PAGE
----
Two years after it first “rolled” out, the results of the “Green Line” train between the downtowns are, put diplomatically, “mixed”:
As Metro Transit’s $957 million Green Line project marked its second anniversary on June 14, even die-hard transit advocates acknowledge jobs, housing and commercial development have been a mixed bag.
“I think we’re on a great track with housing, and we always knew that housing was an area that would grow first,” said Mary Kay Bailey, director of the Central Corridor Funders Collaborative.
Well, of course they knew that housing was an area that’d grow first; it’s being subsidized by various levels of government.
If you pay people to do something, someone’ll probably do it.
“But I think it’s time to keep our eyes on job growth. … We want to see it improve with more job-focused development. That’s an important piece for us as a city.”
While Minneapolis and St. Paul have increased their job base by 7 percent since 2011, the collaborative found that job growth averaged less than half that along the Green Line corridor, with wide variation from neighborhood to neighborhood. Some segments of the Green Line have yet to regain jobs lost since light rail construction began nearly six years ago.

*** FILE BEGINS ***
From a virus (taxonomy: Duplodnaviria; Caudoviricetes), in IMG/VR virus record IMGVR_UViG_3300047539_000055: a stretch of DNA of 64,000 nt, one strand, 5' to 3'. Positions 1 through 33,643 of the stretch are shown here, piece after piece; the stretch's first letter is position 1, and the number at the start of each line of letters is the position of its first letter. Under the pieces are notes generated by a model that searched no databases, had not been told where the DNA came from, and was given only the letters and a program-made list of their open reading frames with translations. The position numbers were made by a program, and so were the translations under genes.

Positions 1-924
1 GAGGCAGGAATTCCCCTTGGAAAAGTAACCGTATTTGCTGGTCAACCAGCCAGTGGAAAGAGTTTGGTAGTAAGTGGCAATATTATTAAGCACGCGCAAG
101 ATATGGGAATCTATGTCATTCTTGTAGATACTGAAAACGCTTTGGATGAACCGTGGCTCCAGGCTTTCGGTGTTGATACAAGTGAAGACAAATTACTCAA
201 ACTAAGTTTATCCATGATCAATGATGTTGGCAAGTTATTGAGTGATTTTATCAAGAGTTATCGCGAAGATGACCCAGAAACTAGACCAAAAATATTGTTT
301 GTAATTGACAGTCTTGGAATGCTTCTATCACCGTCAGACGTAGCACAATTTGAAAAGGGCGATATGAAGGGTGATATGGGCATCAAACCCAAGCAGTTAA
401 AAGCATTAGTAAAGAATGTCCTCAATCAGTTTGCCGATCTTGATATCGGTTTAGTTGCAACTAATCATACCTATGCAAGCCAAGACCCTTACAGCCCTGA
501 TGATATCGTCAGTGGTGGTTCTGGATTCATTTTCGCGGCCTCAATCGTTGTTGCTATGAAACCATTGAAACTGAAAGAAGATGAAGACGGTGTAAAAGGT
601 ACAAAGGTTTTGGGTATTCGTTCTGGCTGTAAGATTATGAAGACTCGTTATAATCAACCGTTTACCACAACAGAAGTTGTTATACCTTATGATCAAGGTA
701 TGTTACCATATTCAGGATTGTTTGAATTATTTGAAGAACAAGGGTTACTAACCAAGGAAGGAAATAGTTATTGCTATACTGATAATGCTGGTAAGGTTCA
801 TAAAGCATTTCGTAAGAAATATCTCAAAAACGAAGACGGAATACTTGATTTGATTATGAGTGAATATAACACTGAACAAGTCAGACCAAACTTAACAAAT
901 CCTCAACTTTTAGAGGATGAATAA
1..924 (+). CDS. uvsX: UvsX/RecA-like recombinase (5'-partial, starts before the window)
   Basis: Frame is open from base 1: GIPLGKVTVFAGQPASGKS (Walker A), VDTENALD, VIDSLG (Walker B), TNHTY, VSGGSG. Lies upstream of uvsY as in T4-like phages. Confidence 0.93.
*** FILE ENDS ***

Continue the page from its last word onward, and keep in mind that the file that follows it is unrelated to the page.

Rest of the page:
The article mentions not a word about the crime rate in the neighborhood. I’m not going to blame reporter Frederick Melo for that just yet – he does a generally conscientious job of covering Saint Paul.
But while the city’s various spokespeople will downplay it for all they’re worth, the general sense in the neighborhood is that crime is up, especially south of Thomas Avenue, four short blocks north of University. And one undeniable fact – which, to be honest, may be a fluke; only time will tell – is that many of the city’s murders this year have happened up and down University Avenue. Of course, it’s early to tie that statistically to the train (notwithstanding one victim who literally died alongside the tracks last March) – but when you see smoke, it’s not unreasonable to think there’s a fire down there somewhere.